- Currently our state has unfunded pension liablities costs that are rising. Our public school borrowed debt is $500 million a year, retiree medical pension liability is at $91 billion, and affordable housing debt is at $169 million a year. Why are we throwing more debt onto the pile?
- We need to ask ourselves two simple questions: 1. How effective have past bond measures been (particularly our 2014 water bond)? and 2. Do we really need to add to our state's debt?
Official CFRW Positions
- Prop 68: NO
- Prop 69: NO
- Prop 70: NO
- Prop 71: YES
- Prop 72: YES
Proposition 68: California Parks, Environment, and Water Bond- would issue a $4 billion general obligation bond, with a 3.5% interest rate over 30 years, bringing the bill to the taxpayers up to $6.4 billion total. The CFRW says vote NO.
Proposition 69: Transportation Taxes and Fees Lockbox and Appropriations Limit Exemption Amendment- states that Senate Bill 1 revenue from diesel taxes will be placed in a “lockbox” and used only for transportation fund purposes. The CFRW says vote NO.
Proposition 70: Vote Requirement to Use Cap and Trade Funds Amendment- would require a one-time vote in 2024 by a 2/3rds legislative majority to allocate state Cap and Trade program revenue. The CFRW says vote NO.
Proposition 71: Effective Date of Ballot Measures Amendment- changes the date for when voter approved ballot measures take effect from the day after the election to the fifth day after the Secretary of State certifies the election. The CFRW says vote YES.
Proposition 72: Rainwater Capture Systems Excluded from Property Tax Assessment- would exclude any new rainwater capture structures from property value tax reassessment from counting as a new structure. The CFRW says vote YES.
If you would like ALL the talking points for each proposition, please email our Advocate at firstname.lastname@example.org.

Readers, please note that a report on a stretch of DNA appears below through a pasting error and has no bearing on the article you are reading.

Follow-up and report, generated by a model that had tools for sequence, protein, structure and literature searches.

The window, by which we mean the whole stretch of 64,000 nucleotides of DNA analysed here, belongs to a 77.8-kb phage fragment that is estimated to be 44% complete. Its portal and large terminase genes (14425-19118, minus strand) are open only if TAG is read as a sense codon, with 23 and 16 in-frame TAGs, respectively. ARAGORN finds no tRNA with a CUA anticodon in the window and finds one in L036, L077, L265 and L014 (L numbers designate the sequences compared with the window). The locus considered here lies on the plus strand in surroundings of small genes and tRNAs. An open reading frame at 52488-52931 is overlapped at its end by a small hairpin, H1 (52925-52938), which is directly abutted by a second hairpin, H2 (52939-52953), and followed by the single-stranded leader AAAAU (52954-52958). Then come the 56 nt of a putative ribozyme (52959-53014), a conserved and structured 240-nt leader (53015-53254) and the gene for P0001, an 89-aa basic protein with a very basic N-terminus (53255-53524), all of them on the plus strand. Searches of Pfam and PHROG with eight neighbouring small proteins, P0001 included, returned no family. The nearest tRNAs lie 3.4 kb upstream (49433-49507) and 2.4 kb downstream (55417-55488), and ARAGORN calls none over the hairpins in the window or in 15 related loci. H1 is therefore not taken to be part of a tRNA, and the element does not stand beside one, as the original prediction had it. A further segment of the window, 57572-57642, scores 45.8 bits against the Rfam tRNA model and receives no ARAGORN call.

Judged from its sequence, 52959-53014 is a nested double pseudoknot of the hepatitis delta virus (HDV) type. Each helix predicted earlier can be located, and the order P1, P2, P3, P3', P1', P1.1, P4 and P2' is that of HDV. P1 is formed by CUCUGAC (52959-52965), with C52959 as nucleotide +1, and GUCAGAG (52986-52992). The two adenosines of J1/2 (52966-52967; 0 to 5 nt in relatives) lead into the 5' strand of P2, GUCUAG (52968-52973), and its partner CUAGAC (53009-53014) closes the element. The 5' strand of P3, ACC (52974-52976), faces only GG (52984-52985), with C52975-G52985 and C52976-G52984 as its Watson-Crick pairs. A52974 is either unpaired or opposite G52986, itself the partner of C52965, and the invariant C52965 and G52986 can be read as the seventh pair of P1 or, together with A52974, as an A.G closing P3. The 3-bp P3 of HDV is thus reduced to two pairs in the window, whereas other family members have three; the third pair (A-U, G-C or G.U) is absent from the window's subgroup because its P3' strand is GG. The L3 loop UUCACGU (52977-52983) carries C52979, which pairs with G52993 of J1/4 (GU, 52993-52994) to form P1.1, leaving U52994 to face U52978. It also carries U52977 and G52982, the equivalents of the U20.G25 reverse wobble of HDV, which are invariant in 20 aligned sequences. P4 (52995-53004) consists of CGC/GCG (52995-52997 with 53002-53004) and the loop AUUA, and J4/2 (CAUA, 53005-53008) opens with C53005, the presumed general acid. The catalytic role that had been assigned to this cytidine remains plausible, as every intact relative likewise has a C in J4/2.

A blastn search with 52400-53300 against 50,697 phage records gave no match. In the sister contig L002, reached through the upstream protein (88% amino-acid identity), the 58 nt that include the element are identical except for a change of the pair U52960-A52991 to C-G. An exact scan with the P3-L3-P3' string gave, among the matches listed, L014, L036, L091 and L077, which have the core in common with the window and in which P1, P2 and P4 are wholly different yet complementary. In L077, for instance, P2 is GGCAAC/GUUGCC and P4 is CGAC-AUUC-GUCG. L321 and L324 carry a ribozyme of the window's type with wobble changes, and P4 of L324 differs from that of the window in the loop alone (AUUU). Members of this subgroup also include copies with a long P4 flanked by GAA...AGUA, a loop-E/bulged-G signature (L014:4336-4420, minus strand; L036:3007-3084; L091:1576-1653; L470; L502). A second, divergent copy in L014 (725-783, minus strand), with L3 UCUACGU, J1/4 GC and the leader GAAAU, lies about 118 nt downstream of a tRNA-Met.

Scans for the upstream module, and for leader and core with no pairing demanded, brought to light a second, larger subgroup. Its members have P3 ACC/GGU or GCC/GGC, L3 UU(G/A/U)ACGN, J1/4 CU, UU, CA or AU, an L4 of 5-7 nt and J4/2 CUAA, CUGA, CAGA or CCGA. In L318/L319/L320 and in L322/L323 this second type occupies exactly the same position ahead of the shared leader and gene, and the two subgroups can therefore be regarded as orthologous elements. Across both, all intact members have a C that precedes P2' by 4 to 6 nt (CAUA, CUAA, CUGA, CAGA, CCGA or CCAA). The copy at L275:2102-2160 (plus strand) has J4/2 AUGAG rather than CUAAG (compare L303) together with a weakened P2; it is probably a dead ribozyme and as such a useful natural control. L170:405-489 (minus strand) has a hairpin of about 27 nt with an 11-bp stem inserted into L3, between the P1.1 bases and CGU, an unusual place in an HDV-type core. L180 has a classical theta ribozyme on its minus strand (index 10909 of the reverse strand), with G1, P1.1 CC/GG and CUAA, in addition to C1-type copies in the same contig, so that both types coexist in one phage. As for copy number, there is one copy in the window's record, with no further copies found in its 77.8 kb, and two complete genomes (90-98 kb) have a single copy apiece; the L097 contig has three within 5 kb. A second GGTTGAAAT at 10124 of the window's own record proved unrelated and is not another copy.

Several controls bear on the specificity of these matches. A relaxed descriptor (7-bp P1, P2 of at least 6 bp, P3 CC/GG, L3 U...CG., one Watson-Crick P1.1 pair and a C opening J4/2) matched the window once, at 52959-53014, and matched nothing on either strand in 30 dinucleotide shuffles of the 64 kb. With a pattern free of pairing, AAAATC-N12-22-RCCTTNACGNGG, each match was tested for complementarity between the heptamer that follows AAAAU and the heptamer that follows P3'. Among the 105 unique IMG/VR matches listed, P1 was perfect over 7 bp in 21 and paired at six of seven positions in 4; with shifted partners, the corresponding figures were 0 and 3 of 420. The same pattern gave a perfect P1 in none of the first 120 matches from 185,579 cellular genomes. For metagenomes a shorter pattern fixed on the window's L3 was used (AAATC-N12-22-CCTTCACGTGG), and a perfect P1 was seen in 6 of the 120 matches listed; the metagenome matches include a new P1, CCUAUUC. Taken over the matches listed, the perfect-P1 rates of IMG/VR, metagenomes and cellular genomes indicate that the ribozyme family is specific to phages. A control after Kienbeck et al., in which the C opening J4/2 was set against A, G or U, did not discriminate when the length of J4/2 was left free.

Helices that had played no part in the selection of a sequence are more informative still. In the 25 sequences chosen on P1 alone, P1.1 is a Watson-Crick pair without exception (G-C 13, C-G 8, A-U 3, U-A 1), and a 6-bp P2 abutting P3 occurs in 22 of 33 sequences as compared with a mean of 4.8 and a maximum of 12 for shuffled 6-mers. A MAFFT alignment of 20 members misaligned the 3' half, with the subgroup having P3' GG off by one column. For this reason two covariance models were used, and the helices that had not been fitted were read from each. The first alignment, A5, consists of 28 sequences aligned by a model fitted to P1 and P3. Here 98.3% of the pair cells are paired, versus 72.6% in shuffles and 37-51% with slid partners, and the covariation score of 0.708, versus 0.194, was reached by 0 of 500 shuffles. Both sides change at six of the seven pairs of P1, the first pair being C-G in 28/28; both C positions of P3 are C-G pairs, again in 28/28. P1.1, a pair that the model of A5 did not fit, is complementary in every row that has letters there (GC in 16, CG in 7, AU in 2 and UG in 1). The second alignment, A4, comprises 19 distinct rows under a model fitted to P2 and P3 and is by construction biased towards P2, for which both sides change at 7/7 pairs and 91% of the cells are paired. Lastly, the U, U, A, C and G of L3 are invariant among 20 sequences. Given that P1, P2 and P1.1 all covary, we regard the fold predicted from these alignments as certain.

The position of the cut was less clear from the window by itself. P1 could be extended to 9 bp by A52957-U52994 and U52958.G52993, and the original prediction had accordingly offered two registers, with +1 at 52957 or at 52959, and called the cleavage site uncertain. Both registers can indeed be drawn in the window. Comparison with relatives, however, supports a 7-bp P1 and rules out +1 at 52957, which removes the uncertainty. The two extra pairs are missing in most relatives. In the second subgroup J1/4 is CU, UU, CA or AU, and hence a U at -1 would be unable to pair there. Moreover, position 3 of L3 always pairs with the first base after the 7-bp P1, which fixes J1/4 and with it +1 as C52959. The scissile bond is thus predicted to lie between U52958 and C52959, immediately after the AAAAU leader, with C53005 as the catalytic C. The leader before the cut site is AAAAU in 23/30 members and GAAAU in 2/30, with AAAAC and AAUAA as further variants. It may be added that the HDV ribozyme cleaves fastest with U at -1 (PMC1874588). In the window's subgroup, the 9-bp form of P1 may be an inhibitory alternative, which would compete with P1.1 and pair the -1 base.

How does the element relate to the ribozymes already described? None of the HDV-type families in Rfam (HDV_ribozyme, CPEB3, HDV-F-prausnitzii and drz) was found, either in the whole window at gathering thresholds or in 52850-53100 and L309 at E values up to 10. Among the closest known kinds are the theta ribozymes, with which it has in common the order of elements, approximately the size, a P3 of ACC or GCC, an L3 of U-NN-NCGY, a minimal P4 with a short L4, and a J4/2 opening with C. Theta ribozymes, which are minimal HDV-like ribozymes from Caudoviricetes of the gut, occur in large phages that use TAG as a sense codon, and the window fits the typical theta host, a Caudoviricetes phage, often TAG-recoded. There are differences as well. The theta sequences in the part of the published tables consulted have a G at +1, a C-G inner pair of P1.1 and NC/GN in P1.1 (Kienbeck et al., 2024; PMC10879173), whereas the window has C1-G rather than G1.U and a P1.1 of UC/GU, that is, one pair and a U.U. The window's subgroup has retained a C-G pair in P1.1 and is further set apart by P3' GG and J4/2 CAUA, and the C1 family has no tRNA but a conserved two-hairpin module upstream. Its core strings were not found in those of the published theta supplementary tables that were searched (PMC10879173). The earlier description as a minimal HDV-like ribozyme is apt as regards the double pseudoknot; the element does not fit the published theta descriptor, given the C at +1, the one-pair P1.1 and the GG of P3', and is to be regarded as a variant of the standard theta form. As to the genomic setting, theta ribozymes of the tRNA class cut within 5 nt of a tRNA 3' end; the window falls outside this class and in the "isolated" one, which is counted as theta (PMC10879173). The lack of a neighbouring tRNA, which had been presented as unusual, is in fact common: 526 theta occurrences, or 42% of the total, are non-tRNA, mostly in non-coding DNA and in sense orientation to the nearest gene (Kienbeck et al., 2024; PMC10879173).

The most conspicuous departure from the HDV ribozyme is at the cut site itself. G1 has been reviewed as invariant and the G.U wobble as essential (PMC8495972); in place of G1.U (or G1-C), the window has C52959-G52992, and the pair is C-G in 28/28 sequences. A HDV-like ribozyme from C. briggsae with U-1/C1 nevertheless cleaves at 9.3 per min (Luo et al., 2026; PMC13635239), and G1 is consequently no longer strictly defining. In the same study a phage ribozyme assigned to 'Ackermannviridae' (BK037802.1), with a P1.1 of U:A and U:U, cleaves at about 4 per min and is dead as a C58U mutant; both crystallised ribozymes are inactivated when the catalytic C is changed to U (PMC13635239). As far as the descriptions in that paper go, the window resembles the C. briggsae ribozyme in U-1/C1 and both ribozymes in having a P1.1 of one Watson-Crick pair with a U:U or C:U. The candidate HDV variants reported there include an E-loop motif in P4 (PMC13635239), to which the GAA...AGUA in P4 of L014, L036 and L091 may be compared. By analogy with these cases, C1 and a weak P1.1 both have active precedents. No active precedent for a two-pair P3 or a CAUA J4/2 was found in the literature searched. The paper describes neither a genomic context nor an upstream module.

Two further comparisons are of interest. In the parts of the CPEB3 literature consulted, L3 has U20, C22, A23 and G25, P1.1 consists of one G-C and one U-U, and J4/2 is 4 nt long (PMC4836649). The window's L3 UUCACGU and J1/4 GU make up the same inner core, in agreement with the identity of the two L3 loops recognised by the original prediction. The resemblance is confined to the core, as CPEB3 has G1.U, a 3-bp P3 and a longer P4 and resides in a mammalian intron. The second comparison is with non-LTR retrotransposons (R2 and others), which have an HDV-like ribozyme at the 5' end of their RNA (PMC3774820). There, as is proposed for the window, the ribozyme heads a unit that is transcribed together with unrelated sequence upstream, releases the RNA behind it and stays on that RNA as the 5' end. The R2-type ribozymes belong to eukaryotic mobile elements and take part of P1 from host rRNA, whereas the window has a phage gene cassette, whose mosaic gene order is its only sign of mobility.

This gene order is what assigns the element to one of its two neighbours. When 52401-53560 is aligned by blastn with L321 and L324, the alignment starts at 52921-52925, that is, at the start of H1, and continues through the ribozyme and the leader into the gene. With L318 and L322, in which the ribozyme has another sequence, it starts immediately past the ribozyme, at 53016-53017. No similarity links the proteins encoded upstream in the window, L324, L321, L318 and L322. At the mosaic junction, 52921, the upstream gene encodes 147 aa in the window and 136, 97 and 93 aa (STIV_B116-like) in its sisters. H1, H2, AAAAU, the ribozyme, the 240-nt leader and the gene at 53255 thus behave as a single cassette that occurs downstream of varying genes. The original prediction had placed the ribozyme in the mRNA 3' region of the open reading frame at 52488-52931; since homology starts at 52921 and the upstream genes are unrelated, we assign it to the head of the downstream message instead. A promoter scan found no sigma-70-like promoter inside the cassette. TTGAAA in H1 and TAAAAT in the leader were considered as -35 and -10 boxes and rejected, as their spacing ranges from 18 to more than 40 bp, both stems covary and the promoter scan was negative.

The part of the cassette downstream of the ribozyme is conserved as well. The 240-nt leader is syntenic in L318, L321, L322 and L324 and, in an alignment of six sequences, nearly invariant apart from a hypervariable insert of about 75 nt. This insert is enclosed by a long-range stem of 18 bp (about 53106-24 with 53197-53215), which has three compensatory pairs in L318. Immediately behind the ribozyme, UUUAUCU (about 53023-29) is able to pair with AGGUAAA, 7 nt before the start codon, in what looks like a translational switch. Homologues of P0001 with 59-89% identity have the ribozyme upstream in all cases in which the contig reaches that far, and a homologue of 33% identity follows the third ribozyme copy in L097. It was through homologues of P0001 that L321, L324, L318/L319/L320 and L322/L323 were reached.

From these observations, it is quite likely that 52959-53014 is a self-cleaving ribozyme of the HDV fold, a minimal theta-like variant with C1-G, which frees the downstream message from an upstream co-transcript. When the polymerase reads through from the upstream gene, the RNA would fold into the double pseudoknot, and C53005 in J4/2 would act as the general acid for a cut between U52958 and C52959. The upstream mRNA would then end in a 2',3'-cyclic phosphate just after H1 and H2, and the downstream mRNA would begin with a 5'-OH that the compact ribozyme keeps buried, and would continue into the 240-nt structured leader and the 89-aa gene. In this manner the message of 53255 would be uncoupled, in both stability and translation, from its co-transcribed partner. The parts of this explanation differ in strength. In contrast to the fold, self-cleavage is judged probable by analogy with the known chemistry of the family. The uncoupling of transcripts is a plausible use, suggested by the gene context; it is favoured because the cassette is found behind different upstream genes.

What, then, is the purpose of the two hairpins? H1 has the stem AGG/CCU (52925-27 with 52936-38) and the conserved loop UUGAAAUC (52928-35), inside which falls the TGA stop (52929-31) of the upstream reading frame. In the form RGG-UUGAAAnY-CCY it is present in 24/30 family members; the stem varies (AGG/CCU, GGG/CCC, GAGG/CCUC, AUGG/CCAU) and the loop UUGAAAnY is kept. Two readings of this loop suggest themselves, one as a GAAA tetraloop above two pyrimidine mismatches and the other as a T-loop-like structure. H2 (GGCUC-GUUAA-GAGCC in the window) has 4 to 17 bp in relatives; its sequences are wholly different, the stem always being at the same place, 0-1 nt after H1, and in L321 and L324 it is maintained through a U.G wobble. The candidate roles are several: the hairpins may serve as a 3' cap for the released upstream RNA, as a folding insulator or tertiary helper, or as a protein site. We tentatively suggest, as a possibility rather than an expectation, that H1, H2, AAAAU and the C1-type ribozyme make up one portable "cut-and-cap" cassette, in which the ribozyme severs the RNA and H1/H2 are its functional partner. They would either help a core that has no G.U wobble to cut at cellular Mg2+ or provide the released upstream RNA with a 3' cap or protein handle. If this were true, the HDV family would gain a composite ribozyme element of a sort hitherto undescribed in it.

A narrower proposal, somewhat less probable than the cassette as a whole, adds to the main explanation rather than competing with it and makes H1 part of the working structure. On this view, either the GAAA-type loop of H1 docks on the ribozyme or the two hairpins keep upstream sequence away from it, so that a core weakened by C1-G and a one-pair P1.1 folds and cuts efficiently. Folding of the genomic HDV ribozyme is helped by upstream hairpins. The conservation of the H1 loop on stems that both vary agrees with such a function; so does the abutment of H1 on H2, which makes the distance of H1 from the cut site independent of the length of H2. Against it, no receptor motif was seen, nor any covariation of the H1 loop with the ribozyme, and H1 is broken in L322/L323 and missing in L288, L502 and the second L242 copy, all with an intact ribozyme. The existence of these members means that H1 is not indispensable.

AB 1745 Update
AB 1745 (Ting, D) was scheduled to be heard in the Assembly Transportation Committee this week. Assemblyman Ting cancelled the hearing without rescheduling. This is good news! As you will recall, AB 1745 would have mandated that all gas-powered vehicles would be banned from DMV registration in California by 2040. This bill has no foresight, no plan, and so many unintended consequences. We will keep you posted on its status!
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We encourage our Republican Women Federated members to share the information they find here in the Capitol Update. As a member of the CFRW, you have access to information about what is happening in our state Capitol that is not readily available or easy to find. Now we want you to pass on this information to other Californians who need to know what is really being passed in Sacramento. You can print out your copy of the Capitol Update to hand out. You can copy and paste into your club's newsletter. You can forward this email to people you know (if you do choose to forward, remember to erase the “Unsubscribe” link at the bottom of the email. It will be a “live” link, even in the email forward, and if someone clicks it, they will unsubscribe the original receiver- you). You can even copy and paste segments of the Capitol Update into your Social Media. However you choose to share, please just share!
Disclaimer: The Capitol Update is an activity of the CFRW Advocate's Office. The update is for information only. CFRW official positions on legislation are stated immediately preceding the stated legislation or immediately following the stated legislation in this report.